Chapter

The End of the Road?: <i>The Post</i>-Zainichi Generation

John Lie

in Diaspora without Homeland

Published by University of California Press

Published in print April 2009 | ISBN: 9780520098633
Published online May 2012 | e-ISBN: 9780520916197 | DOI: http://dx.doi.org/10.1525/california/9780520098633.003.0009
The End of the Road?: The Post-Zainichi Generation

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Sixty years on since the Korean residences first settled in post-colonial Japan, the contemporary Japanese perspective eventually seems to be accounting for the Koreans in a different light. A short appraisal of the present situation would infer that it would do considerable injustice to reality to insist on the relentless and recalcitrant nature of the Japanese dislike of Korea and Koreans. While the current indicators of social acceptance are derived from the substantial sway of Zainichi elements over the mainstream reel culture of Japan, the initial stages of Japanese exposure to Korean culture came by the way of interbreeding—the Japanese tourism boom to Korea in the 1960s was much characterized by sex-tourism—and via the culinary route. While the elders still consider the Korean nation as developing/poor, Japanese youths are more likely to evoke the manifest wealth of Seoul and the dynamic nature of Samsung.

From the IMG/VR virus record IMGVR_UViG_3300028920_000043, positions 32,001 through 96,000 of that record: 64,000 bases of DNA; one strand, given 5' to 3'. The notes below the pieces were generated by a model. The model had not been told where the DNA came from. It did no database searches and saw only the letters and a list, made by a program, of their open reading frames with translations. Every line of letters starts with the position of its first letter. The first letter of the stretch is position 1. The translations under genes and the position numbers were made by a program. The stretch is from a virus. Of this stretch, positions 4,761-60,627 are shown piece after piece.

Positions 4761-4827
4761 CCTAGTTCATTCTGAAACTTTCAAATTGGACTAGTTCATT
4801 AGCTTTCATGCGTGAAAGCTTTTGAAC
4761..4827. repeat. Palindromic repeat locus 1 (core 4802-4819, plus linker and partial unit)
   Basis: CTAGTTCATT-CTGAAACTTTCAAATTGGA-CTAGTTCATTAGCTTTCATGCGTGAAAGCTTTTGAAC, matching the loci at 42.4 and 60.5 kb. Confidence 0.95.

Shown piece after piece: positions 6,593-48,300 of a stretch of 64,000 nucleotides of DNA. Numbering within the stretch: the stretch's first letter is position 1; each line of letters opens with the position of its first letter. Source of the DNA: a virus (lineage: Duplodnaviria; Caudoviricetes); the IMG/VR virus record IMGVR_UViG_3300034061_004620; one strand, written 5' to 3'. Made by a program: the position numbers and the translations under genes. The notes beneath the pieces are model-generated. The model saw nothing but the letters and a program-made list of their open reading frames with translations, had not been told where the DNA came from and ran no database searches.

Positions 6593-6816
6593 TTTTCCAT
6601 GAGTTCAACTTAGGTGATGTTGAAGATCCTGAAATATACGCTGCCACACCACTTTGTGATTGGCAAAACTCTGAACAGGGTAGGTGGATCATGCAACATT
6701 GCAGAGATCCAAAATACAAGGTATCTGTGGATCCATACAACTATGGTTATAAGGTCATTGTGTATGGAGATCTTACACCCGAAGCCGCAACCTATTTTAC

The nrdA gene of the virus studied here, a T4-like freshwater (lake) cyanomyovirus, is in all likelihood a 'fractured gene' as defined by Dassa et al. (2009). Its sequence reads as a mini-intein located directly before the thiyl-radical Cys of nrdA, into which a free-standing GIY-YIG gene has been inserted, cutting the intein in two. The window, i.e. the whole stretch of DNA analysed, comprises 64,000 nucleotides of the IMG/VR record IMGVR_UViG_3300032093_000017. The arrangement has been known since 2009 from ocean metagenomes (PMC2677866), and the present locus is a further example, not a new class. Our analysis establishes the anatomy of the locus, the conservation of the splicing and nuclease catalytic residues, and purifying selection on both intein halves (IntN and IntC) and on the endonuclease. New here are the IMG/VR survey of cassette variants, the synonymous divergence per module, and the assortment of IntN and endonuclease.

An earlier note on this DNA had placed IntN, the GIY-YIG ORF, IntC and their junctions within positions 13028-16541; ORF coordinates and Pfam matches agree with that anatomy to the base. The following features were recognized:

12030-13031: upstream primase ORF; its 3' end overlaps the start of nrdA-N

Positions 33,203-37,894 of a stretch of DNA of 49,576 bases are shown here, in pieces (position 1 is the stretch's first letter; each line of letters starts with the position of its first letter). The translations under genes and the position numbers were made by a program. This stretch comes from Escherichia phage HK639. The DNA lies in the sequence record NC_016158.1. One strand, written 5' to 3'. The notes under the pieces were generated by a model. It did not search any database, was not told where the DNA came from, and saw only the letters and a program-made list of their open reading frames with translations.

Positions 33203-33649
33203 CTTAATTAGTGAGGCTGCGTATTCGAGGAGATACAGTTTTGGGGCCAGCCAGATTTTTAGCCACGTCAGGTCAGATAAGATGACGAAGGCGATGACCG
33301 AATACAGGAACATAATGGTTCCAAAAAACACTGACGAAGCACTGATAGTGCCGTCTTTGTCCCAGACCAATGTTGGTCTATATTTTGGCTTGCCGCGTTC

Keywords: sex-tourism; developing; Japanese youth; Seoul; Samsung; Japanese tourism

Chapter.  4784 words. 

Subjects: Anthropology

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